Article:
And this happened with several other printing companies: when asked which ICC-profile they use for RGB to CMYK conversion, they stayed silent. Or they use the common ICC-profiles that don’t fit my need, the ones I showed in my previous article: ISO coated v2 (purple shift) and PSO coated v3 (loss of detail).

And then there was the response of Jeroen, the CEO of Jubels printing company. He immediately suggested making several samples – not just one! And a few days after I sent the test file, I got a nice set of samples: both coated and uncoated, both conversion with a regular CMYK and the XCMYK profile and printed on both the Xerox iGen5 and the Xerox Iridesse. Wow. He put together a really nice package, including also some extra print samples and brochures. That’s the way to do it! That’s the way to convince potential customers! (please, read that previous sentence again, to make sure you got it)

The different samples are really interesting. And they clearly show the differences between the profiles, between the presses. Now I could really compare the options. And the best one: the Xerox Iridesse on uncoated paper, with the XCMYK profile of course. Which was the same combination I had received from that other printer that I was happy with… And now it starts to get very interesting.

Training makes the difference!
Although the two sets of samples were produced with the same equipment on a similar paper, there were clear differences. Which means they are related to settings and/or training.

Here are the differences:

  • Black text: in the first samples, these were composite colors, in the second (Jubels) samples, they were pure black. That’s just a setting.
  • Color: although I was already pleased with the color reproduction of the first samples, the second was even better. The deep blues was even a bit deeper blue, just like I saw them on my screen, just the way I intended them to be. That’s training, maintenance (maybe even the environment) and knowing what your machine is capable off.
black text: K only vs composite
Left: the text is black only, right: it is a composite color.

The pictures below are from the different samples I got. Please note that the color reproduction in this blog post isn’t 100% accurate, I don’t have the photostudio to do that and maybe your screen isn’t 100% AdobeRGB and calibrated, so you need to check the relative difference.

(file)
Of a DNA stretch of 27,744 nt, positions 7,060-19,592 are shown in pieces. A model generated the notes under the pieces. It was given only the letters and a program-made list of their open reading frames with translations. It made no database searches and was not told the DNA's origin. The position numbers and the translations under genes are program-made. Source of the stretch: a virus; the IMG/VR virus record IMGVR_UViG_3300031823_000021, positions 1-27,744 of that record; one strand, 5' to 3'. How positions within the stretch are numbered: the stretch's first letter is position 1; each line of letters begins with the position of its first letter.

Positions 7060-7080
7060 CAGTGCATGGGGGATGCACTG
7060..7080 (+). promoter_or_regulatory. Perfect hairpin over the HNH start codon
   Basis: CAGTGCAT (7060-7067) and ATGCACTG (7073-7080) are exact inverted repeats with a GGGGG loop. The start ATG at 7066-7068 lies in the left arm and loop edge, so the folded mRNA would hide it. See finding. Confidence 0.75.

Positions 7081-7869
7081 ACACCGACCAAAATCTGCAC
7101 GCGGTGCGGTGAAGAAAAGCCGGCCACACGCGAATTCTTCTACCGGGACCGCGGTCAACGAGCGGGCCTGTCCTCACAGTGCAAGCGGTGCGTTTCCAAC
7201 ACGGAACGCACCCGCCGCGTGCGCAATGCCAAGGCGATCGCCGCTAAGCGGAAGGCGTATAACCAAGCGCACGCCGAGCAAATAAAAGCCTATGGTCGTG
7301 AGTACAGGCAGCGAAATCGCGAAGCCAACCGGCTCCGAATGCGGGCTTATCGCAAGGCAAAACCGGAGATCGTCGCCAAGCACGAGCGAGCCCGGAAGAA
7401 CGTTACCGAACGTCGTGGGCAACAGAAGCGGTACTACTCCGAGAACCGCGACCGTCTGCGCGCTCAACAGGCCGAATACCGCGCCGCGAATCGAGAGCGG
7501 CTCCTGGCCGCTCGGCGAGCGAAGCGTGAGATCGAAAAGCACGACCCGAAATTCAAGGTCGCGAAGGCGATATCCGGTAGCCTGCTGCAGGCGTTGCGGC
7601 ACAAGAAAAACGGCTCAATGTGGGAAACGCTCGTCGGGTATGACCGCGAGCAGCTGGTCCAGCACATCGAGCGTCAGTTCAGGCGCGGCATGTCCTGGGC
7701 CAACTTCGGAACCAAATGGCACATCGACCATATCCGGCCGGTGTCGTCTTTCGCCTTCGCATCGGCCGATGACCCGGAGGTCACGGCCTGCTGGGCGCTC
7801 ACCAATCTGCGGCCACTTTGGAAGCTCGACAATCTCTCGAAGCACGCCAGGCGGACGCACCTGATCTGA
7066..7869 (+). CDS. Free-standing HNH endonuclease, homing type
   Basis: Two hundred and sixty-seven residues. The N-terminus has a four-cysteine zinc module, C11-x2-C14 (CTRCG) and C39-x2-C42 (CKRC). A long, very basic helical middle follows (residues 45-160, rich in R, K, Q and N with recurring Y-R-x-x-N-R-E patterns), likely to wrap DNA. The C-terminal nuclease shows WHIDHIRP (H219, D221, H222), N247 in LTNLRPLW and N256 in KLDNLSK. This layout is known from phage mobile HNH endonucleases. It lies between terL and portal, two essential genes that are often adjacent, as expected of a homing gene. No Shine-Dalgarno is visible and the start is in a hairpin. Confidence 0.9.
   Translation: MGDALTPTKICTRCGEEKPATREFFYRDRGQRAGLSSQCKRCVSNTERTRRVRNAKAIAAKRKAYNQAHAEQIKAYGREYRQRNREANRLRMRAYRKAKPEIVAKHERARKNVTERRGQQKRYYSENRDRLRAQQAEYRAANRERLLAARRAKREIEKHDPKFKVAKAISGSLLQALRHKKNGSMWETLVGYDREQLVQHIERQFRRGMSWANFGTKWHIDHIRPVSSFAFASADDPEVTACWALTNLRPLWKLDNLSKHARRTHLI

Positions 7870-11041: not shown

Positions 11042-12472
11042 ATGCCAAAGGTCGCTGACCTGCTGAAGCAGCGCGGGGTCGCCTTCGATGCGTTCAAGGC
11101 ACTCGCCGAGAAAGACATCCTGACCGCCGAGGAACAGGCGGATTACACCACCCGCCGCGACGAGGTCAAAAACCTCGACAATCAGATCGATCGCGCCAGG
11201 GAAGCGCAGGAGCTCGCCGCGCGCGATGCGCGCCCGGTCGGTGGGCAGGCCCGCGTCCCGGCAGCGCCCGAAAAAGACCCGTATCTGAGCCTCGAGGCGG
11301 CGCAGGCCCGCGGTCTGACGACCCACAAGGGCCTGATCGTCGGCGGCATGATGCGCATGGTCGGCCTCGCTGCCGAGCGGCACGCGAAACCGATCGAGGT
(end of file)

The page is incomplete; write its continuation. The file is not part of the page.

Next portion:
The picture below shows the difference between the sample by Jubels (left) and the other Iridesse print (right). Although it is blue in the right one, the left one does resemble my digital image more. The left one is how I intended the picture to be.

two Iridesse prints compared

The next one shows how the XCMYK profile (left) compares to the a regular CMYK (right). Please note that I send a RGB PDF (PDF/X-4 with AdobeRGB images), the color conversion was done in the RIP.

xcmyk vs cmyk

The following shows the difference between the Iridesse + XCMYK (left) to iGen5 + XCMYK. The Iridesse is a more capable machine when it comes to color gamut.

iridesse vs iGen5

The last one compares the Iridesse XCMYK (left), this time on coated paper, compared to the 6-color digital press (right).

iridesse vs 6 color

When I first checked the samples of the 6-color press, I was in my dining room/home office. There I have a 6500 K fluorescent light and I noticed that some blues looked a bit purple. However, when I took the picture above, near a window (it was an overcast day, around noon), there was no purple shift! Which means there was some color shift due to the lighting…